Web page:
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NEWS

Bringing Teams closer together during COVID-19: Derbyshire and EMCJB

It’s now been over seven weeks since the nation’s lockdown officially began. Following the Prime Minister’s announcement that we were to stay home, we shared information about how the National Enabling Programmes may be able to support Forces with their response to the COVID-19 pandemic, and the new associated restrictions.

The Civil Emergencies Toolkit, or CET, offers Forces an accelerated delivery of two key solutions; Microsoft Teams, and a Crisis Communications Power App. So far over half of the Forces in England and Wales have reached out to the programme to pursue an accelerated delivery of elements of the CET, with a clear prioritisation of implementing Microsoft Teams to support effective communication and remote working. But how is it actually working?

Whilst many Forces are now looking to fast track their implementation of Microsoft Teams, some early adopters are already beginning to understand the impact the platform has made on their COVID-19 response. We recently caught up with DC Richard Burton to find out more about how Derbyshire Constabulary has made use of the platform, and why they decided to push ahead with their full Force roll out.

“Originally our deadline was August 1st, whereby we were aiming to have everybody in the organisation who are on Windows 10 on Teams [which is the vast majority of people]. Once we began to more fully understand the severity of COVID-19, we brought this deadline forward to May 1st. We are getting towards the point now where every department from Professional Standards all the way to Corporate Comms, as well as COVID-19 Gold and Silver command groups are using Microsoft Teams. Even wider than that, all of our divisions have Teams, so they can easily host their daily management meetings by utilising the platform.”
Microsoft Teams can be used via mobile and tablet devices as well as desktop and web browser

Clearly COVID-19 has acted as a firm catalyst for Derbyshire’s accelerated deployment of Teams, with the hope of reducing the disruption to core operations. One aspect of this has been the recruitment and training of new PCs and PCSOs.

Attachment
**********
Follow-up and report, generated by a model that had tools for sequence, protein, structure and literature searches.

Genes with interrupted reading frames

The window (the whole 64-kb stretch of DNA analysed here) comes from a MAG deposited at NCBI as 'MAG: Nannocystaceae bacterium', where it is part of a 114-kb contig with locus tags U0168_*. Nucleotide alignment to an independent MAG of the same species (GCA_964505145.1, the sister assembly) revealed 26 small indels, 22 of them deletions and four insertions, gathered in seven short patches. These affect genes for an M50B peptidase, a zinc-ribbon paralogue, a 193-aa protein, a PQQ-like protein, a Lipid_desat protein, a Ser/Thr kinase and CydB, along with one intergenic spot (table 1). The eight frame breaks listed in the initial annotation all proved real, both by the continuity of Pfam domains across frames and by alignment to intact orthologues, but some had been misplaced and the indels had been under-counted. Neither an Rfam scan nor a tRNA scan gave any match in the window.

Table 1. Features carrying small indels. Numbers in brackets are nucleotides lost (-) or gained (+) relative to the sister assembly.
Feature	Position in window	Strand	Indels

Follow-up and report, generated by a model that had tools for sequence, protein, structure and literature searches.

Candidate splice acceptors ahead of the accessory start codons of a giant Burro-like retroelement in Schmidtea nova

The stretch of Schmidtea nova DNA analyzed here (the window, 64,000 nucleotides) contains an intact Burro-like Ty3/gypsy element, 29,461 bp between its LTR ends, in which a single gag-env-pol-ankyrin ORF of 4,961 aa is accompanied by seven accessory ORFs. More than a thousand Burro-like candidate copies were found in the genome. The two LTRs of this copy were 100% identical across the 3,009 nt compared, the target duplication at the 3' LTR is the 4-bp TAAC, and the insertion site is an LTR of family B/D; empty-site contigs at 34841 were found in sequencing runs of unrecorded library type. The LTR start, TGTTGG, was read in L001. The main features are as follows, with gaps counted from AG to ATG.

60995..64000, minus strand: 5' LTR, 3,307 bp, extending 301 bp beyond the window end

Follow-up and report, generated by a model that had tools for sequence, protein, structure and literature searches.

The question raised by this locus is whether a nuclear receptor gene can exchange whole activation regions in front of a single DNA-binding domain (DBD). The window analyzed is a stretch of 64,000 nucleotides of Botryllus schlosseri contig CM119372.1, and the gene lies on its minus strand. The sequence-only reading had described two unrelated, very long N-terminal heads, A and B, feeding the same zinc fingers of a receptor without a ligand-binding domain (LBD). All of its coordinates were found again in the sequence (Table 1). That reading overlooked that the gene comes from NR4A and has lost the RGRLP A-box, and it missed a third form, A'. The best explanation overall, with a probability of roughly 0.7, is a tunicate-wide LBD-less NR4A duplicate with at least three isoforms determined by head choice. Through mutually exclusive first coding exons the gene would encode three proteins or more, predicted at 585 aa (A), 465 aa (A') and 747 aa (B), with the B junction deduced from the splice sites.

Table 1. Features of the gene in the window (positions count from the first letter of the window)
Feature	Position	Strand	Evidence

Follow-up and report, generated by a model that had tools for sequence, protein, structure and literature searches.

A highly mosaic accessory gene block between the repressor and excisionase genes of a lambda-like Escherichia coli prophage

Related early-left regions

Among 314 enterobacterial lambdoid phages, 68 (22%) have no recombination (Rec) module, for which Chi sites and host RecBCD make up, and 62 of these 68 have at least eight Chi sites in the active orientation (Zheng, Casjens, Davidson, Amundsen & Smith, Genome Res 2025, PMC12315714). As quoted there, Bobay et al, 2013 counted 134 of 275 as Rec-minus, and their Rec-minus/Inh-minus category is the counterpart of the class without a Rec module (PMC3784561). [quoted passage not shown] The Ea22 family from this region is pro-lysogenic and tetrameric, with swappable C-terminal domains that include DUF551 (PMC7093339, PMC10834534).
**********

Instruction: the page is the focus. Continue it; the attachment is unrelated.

We’re also using Teams as a function for training our new recruits and PCSOs, which has crucially allowed us to continue with our intake of officers and staff whilst still abiding by all the social distancing rules. We can invite our new recruits into these online lessons, carry out welfare check-ins, and generally start integrating them into the team. Wellbeing is a massive part to this as well. The other day I had a check-in session with my manager, and I was able to stick on my headphones and have a call via the Teams mobile app whilst getting my daily exercise. It sounds simple, but it makes that level of isolation feel minimal which is so important just now.

It’s not just the Police Forces who are valuing the functionality of Teams either. In 2015, Criminal Justice Boards became regional, and so the East Midlands Criminal Justice Board (EMCJB) was born. Sarah Virr, from Lincolnshire Police, has worked as Business Manager for the EMCJB for the last 5 years, and is supporting the accelerated delivery of Microsoft Teams in her home Force as a result of adopting the platform with the EMCJB.

Video conferencing has been talked about for years, but has never really gotten off the ground. This crisis the nation is currently facing has given us some food for thought; if we are going to continue operating, we’re going to have to change the ways we are working. The ability to work virtually by video has been a priority of the EMCJB and partners for some time.  Video conferencing between Police Forces and CJ agencies has been elusive as there hasn’t yet been a joined up approach even between Police Forces [using platforms like Skype and Zoom). With the rolling out of Office 365, it brings acommonality with Teams..”
Files and screens can be shared during meetings so that participants are sighted on the same information.

Since Criminal Justice agencies took on a more regional remit in 2015, groups like the EMCJB have encountered significant challenges from a logistical standpoint. With representatives participating in meetings from sometimes several regions, co-ordinating these meetings in the past has proven to be a challenge.

“On the 21st of April we hosted our most recent EMCJB via Teams. This was my first Teams call and I am a complete convert.  The sound quality of the call way surpasses that of a telephone conference call and by and large removes the ability for people to jump in and speak over each other.  The picture quality was also very good, and it felt much more interactive and less frustrating as a result.
The other day I was talking to colleagues in Leicestershire, and we’re going to have a new group around ‘Reducing Re-offending’. Northamptonshire and Lincolnshire always have the furthest to travel for these meetings, so my suggestion to the chair of this group was why not carry out the meeting via Teams going forward? Let’s make the most of the video conferencing and save the time we’re spending on unnecessary travel.”

Once lockdown restrictions are eventually lifted, organisations across the UK will be posed some interesting questions about the way they choose to work going forward. A number of those questions will be centred around the need for a physical working space, and if it is actually necessary. Policing in the UK is clearly unique to other organisations, however Forces across the country will also be considering the flexibility and mobility of their teams during this difficult period. Over the coming weeks, we’ll continue to share stories from Forces around how elements of Office 365 and Teams has changed the way they work, potentially for the long haul.

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